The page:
Recycling scrap metal is our latest money-making weekend excursion. We live on a property where people used to dump trash. It’s unfortunate, but it happened. Instead of being bummed about our situation, we’re being opportunistic and profiting from recycling the old metal that was left on our property. You don’t have to live at a dump (ha!) to profit from recycling. My sister and I saved a thousand dollars a piece as kids from recycling aluminum cans.
Locate your source
This is the most important part of scrapping. Here’s a couple of ways to locate a scrap source if you aren’t lucky enough to live on a dump. 🙂 Ask family and friends if you can haul off their old appliances. Ask your neighbors if you can go through their recycling and pick out the aluminum cans— that’s what I did as a kid. Notice that your workplace doesn’t recycle? Offer to take the recycling to the dump and profit from the aluminum cans (and in some states, the glass bottles!). Post an ad on Craigslist to haul off old junk for free.
Locate your local scrap metal yard
Different scrap metal yards will be take different kinds of metal. Look up your local scrap metal yard and check to see what kind of metal and objects they accept. Some metal yards are wide-ranging and they’ll accept anything from coat hangers to Christmas lights. Others may just accept aluminum or old car parts.
Check the pricing
The price of metals can change on a daily basis. Certain metals will be more profitable than others. Copper, for example, fetches a high price. Aluminum is much easier to locate, but will fetch a lower price.
Check the weather and consider time of year
Scrapping in the rain is no fun. Also scrapping in 90 degree heat may give you heat stroke. Use common sense, people. If you are scrapping metal in the woods or outdoors, the early spring is prime time to scrap. The poison ivy isn’t out yet and neither are the snaaaaakes.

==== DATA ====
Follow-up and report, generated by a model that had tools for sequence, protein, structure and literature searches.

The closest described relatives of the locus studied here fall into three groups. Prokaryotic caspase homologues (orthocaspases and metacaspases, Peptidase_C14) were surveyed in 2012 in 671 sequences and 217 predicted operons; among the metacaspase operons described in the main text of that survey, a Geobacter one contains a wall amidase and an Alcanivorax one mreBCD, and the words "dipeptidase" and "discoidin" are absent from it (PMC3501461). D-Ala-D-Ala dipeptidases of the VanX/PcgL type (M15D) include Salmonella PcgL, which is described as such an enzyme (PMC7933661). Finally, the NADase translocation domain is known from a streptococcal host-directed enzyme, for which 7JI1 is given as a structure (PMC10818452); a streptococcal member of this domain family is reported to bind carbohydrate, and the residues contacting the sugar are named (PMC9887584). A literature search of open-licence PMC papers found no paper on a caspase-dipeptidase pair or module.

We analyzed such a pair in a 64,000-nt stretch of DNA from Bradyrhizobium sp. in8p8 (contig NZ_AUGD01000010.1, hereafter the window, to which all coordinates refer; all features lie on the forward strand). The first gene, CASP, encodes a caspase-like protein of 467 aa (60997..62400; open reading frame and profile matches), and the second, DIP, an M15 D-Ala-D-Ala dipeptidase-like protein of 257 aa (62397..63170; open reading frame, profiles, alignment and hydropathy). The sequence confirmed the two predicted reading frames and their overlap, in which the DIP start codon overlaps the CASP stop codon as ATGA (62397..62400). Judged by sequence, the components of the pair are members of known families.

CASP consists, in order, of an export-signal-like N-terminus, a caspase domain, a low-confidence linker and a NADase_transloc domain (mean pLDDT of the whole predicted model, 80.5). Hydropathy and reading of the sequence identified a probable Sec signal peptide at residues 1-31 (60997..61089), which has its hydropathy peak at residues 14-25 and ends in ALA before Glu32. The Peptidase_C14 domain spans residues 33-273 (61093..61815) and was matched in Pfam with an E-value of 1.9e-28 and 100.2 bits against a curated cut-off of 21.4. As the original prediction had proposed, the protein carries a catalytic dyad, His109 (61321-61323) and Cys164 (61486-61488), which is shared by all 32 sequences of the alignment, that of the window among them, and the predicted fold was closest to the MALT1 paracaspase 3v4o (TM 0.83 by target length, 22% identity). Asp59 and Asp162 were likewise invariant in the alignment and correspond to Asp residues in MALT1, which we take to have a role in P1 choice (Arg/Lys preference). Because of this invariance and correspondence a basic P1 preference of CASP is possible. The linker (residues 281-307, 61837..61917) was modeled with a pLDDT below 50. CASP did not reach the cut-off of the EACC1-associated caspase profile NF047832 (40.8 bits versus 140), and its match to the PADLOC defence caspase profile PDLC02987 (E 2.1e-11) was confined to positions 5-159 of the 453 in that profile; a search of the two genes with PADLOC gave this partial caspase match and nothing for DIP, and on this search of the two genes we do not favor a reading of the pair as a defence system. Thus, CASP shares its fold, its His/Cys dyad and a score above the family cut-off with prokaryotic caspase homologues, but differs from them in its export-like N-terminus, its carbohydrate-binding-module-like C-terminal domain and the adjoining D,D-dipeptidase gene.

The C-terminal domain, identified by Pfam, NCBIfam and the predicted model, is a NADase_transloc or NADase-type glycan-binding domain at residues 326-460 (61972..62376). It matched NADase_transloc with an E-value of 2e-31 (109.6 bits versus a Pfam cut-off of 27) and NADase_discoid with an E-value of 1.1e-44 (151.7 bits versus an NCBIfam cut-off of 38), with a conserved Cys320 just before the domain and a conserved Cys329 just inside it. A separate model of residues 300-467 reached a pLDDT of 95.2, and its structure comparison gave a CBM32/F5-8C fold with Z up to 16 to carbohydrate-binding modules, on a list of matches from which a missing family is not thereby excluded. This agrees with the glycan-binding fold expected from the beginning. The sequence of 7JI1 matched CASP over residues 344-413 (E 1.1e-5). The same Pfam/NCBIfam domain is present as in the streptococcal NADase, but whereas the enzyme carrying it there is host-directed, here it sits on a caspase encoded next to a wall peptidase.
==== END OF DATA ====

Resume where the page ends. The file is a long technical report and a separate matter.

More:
Wear appropriate clothing
No one should spend their scrap metal profits on tetanus shots. Wear thick gloves. If you are going out into the woods, like we did, wear long pants and long sleeves to protect yourself from poison ivy, brambles and the rogue sharp object.
Keep weight in mind
If you come across a large source of metal, you’ll want to keep weight in mind. When we moved scrap from the woods, we picked out the largest, heaviest objects because we knew that they would bring more cash. We avoided the flimsy, small and “roached out” pieces of metal.
Invite your strongest friends
If you plan to scrap appliances or large barrels, like we did, you might need to split your profits with a strong friend. I could carry out a few of the barrels, but George did the majority of the heavy lifting. We found a couple of stoves and a bed frame back there and there is no way my spaghetti-noodle arms could have carried that stuff out alone.
Borrow a truck
Scrapping can get dirty. We borrowed my father-in-law’s truck to haul our junk to the scrap yard. My car didn’t get dirty and we were able to put much more scrap into the bed of a truck than in the bed of my Honda!
Scrapping metal can be a profitable little side gig and a great workout. George and I joke that we should invite people over to our house for “country crossfit” and make city people do all of our chores— chopping wood, pulling scrap metal out of the woods and tilling the garden.
Have you ever tried to trade in your scrap metal for cash? Let me know in the comments!